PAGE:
FringeArts - the city's edgy cultural powerhouse - is putting together a brasserie for its new home in a century-old former fire department pumping station on Columbus Boulevard at the foot of Race Street, across from the Race Street Pier and Ben Franklin Bridge.
Chef Peter Woolsey has stepped away from the kitchen at his Bistrot La Minette in Queen Village to work with FringeArts' Nick Stuccio on the project, which will be open seven days a week for dinner, plus weekend brunch. It's adjacent to FringeArts' state-of-the-art theater.
The restaurant's name? I asked Woolsey just that very question, and he replied by rolling up his left sleeve to expose the words "la peg.," punctuated with a period. That is his pet name for his French-born wife, Peggy. The ink has been on his arm for 10 years.
Groundswell is doing La Peg's design, while Stokes is handling the architecture.
They have great bones to work with: 45-foot ceilings, glazed brick, huge arched windows, and rough concrete floors. They're installing a mezzanine over part of the room (especially the kitchen), so every seat will have a view of at least the bridge.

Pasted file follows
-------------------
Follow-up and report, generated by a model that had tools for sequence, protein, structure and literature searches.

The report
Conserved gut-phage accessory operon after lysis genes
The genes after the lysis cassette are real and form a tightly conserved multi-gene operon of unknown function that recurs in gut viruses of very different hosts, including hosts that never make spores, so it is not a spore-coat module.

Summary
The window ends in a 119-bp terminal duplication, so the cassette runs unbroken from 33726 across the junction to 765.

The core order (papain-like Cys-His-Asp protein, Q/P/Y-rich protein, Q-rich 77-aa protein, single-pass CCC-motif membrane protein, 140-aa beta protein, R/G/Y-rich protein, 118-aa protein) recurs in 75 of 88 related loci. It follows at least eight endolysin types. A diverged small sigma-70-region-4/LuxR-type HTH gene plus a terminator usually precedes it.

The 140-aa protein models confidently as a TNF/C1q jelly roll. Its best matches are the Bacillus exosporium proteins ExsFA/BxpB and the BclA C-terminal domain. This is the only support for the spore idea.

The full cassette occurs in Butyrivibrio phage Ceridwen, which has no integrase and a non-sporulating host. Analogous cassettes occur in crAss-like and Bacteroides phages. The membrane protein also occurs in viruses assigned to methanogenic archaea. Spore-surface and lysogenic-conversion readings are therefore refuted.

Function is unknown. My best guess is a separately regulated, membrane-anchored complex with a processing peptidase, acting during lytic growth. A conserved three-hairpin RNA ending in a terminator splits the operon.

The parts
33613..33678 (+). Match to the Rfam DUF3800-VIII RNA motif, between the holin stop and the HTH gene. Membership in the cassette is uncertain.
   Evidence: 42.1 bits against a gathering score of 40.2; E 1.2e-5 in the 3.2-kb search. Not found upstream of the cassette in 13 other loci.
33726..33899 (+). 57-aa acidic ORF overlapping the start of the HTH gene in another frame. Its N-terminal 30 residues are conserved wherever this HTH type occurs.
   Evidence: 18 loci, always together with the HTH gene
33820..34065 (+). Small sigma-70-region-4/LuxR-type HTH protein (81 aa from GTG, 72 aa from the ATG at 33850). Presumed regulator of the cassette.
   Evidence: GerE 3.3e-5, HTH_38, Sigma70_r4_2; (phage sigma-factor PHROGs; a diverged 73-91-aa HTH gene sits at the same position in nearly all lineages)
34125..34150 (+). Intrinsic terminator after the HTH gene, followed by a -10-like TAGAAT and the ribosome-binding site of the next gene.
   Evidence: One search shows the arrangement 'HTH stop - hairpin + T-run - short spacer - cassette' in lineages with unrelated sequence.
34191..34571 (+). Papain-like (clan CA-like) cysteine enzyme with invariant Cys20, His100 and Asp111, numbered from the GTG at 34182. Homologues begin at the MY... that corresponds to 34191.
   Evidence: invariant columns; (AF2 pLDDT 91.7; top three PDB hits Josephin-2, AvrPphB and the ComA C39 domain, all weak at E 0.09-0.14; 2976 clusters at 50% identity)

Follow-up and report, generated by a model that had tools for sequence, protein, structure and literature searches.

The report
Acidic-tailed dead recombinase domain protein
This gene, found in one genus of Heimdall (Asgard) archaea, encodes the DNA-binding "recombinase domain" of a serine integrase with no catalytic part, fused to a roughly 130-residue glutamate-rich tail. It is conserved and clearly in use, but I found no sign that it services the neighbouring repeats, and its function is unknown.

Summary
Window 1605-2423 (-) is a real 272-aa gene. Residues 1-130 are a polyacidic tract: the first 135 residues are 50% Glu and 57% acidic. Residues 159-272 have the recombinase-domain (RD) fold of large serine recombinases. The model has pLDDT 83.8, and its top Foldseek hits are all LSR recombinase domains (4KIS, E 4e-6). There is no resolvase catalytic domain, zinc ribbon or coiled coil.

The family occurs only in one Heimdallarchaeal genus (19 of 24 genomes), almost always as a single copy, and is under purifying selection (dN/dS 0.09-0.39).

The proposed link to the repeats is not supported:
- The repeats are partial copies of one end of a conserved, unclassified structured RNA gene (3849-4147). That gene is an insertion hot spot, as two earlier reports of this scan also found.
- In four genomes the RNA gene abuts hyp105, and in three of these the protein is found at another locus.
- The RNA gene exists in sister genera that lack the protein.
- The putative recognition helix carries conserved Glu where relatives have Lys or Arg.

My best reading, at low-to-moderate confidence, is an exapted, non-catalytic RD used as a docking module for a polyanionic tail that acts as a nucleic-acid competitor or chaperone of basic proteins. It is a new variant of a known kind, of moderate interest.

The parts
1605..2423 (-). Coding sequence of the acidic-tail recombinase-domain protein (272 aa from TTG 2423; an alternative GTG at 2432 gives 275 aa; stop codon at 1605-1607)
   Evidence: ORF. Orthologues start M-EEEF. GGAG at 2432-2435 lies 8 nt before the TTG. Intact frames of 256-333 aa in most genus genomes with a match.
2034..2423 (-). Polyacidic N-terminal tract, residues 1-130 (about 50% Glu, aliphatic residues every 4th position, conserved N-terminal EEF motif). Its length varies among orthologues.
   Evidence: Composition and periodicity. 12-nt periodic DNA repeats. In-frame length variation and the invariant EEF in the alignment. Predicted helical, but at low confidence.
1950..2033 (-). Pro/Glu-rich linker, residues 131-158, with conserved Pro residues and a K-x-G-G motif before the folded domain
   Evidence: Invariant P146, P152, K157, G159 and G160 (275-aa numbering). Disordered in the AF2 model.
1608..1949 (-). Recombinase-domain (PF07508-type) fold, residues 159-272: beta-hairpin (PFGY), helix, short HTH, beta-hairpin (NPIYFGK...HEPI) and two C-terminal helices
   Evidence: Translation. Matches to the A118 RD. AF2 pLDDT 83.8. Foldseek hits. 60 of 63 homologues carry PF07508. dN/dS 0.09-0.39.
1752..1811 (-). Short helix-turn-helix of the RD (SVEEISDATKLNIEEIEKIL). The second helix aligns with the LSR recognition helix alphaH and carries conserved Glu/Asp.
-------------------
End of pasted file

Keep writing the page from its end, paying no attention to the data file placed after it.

Outside, there will be a large tiered garden and seating in what is now a driveway parallel to Race Street.
Woolsey says the food will be French, "but I'm not as hellbent on the French experience as I am at Bistrot. That place, you could rip out of the ground and drop in France. Here, we'll have things I like and where I've been - not as exclusively French."
La Peg also won't be too expensive. He and Stuccio are cooking up $50 performance-and-dinner deals, and Woolsey says there will be a three-course, $30 special nightly.
They hope to open by FringeArts' signature Fringe Festival in September.